Creighton hung up in a fury. So I, as the new Editor, enlisted the help of the new publisher, Paul Godfrey, only eight months in the job. Godfrey was calm and sympathetic when I roused him in the middle of the night, saying I was right and he would talk to the boss.
That didn't work. Creighton was still furious the next morning but I only found that out through others. He rdidn't talk to me for days. I had worked with him and for him since 1958, but I might as well have been in an igloo.
Two days after the election, I was drowning my concerns about my perilous position at the Toronto Press Club. We were honouring the latest inductees in the news hall of fame. We had persuaded the Lieutenant Governor, John Black Aird, to preside.
Afterwards, Aird, a Bay St. lawyer with the bearing of a leader of the Establishment, took Knowlton Nash and me aside
Everyone knew Nash, the most famous voice in the country, and I had met Aird over the years primarily at functions organized by Creighton. But then Creighton, a Conservative, knew everyone, even Liberals.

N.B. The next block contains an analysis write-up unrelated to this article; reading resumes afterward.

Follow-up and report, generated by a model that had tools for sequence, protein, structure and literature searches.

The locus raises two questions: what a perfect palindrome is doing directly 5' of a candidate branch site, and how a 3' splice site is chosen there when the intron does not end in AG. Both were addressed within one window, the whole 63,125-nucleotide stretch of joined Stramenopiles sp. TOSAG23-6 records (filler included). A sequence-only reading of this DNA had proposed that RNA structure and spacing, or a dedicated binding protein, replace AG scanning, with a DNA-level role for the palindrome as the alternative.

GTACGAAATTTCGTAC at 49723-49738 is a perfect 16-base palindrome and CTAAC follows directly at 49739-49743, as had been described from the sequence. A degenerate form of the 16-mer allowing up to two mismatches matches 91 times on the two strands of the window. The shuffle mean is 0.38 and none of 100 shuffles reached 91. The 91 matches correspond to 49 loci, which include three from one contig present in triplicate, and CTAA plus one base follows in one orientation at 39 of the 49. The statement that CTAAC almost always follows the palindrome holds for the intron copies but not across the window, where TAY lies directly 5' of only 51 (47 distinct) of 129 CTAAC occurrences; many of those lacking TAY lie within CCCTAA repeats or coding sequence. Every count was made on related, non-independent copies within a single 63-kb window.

I raised the growing controversy over the minority government and asked if Aird had seen it coming. I didn't expect a complete answer. But Aird then began a remarkable candid talk about what he faced.
He said he sensed it would be minority and several days before the election, had asked his lawyer, the legendary John J. Robinette, to come see him the morning after.
He then asked what we though about the need for another election. I said that Ontario voters had been averaging an election a year since the 1970s, if you added the federal, provincial and municipal elections, and were election weary. Nash agreed. And then, to our surprise, Aird said he did too.
So we chatted amiably about letting the Tories have a chance and then, if they floundered, letting Peterson become premier. And we had another drink.
Nash said later that he was astounded Aird had been so open about seeking our opinion and telling us what he was thinking. Then he asked whether I was going to write about it. After all, Aird hadn't said it was off-the-record. I said that the press club had an understanding that things said there stayed there. And I wasn't going to write about it because I thought Aird treated us as gentlemen who wouldn't run to the nearest phone. Nash agreed, which was important to me. After all, he wasn't just a talking head but a shrewd author who had been a wire service reporter and Washington columnist.